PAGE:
Nintendo may be giving its new Switch console a virtual reality feature - and this information comes straight from the horse's mouth.
Nintendo President Tatsumi Kimishima has revealed that Nintendo is looking at ways of using the Switch for VR, but it has some hurdles to overcome first.
In an interview with Nikkei, Kimishima said Nintendo is "studying" adding a virtual reality component to the console, which launches this March. "If we are able to resolve the issues with playing [VR] comfortably for long hours, we will support it in one form or another," he said.
The Switch has a 6.2-inch tablet, so we can understand why comfort might be a bigger problem to solve than on, say, a Samsung Galaxy smartphone.
However it's not the first we've heard about a potential Switch VR headset. Back in December, a bunch of Switch patents, filed in June 2016, surfaced on NeoGaf. Among them was a patent for a headset that the Switch tablet could slot into, similar to how smartphone VR devices like Gear VR and Google Daydream View work.
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The patent also describes how the built-in sensors could let the headset detect movement, while the detachable controllers would work with the VR system.
Nintendo is the only one of the 'Big Three' console makers to not announce any solid VR plans: Sony has PS VR and Microsoft has confirmed its upcoming Project Scorpio console will be VR-compatible, although whether it will work with Oculus Rift or something else remains to be seen.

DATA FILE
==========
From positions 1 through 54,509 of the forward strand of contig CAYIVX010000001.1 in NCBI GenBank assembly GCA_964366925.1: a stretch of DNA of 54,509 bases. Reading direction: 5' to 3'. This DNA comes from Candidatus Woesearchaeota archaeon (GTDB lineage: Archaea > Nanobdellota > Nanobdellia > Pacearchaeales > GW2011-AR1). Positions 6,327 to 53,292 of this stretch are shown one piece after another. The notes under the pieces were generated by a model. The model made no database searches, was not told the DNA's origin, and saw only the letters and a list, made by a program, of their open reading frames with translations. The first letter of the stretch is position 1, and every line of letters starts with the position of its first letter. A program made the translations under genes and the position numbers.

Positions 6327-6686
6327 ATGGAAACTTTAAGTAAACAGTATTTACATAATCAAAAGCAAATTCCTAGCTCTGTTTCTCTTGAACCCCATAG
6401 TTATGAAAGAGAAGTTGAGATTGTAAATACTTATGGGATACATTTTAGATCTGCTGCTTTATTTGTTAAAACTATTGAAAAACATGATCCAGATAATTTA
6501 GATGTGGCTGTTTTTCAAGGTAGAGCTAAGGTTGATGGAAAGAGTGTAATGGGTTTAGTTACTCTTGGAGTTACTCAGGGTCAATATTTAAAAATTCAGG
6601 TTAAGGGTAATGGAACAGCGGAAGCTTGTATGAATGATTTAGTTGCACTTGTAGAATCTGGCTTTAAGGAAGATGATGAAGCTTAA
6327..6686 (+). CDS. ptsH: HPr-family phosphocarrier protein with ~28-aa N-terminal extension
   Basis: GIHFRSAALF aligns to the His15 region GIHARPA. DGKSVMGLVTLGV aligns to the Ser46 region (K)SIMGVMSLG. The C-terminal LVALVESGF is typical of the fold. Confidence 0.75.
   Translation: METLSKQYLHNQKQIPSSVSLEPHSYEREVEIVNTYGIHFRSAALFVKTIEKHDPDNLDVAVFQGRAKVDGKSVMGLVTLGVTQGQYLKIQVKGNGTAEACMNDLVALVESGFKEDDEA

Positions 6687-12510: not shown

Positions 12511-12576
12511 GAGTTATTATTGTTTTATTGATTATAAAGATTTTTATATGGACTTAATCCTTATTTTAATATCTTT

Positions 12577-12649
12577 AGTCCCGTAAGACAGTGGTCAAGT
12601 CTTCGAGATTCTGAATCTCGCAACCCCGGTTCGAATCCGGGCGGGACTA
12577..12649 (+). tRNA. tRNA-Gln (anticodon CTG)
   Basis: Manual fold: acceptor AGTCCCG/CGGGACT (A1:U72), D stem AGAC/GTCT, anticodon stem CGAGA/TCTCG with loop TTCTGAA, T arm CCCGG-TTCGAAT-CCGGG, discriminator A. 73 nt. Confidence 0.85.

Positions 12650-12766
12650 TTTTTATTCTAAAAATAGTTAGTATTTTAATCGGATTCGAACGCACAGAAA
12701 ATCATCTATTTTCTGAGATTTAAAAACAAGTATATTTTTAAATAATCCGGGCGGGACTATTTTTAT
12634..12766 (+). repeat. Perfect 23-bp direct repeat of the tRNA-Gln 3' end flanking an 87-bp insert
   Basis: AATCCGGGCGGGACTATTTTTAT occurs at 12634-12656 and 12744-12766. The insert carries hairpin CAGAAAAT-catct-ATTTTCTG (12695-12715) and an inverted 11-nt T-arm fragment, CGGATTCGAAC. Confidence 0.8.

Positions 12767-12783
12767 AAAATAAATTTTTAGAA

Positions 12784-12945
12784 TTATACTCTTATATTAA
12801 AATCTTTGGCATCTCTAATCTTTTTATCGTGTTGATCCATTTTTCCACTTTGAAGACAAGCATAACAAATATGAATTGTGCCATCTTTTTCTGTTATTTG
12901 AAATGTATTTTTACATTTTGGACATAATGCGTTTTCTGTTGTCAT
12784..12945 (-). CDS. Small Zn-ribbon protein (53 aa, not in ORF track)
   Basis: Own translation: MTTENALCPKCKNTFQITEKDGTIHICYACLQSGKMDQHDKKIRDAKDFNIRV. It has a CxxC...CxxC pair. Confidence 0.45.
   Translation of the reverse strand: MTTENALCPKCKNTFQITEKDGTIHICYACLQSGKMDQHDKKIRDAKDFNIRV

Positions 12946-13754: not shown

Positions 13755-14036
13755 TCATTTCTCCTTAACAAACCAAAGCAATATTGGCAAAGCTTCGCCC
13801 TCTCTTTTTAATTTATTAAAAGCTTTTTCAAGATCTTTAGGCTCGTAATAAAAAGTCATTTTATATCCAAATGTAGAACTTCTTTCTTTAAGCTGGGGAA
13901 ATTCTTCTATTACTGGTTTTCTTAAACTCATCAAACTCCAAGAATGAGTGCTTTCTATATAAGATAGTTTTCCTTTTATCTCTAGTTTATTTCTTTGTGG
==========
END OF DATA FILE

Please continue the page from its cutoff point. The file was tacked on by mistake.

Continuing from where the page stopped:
In addition to the above two notable breadcrumbs, Nintendo tipster Liam Robertson tweeted in January that the company had been working on a headset.
Nintendo does have a VR shell for the Switch kicking around. To me, it sounded too bizarre to be real, but it is.
— Liam Robertson (@Doctor_Cupcakes) January 5, 2017
Nintendo has dismissed VR in the past as being anti-social and not yet ready for the mainstream. And of course, most of its first-party franchises don't feel suited for the medium. Yet it also has a potential edge over PS VR as presumably we'd only need to buy a empty headset to hold the tablet inside, which could offer a low-cost entry to virtual reality.
It wouldn't be Nintendo's first venture into VR either, of course, having pioneered a portable virtual reality-type console with the Virtual Boy in 1995. The console was a disaster and discontinued a year later, but maybe it's time for a second coming.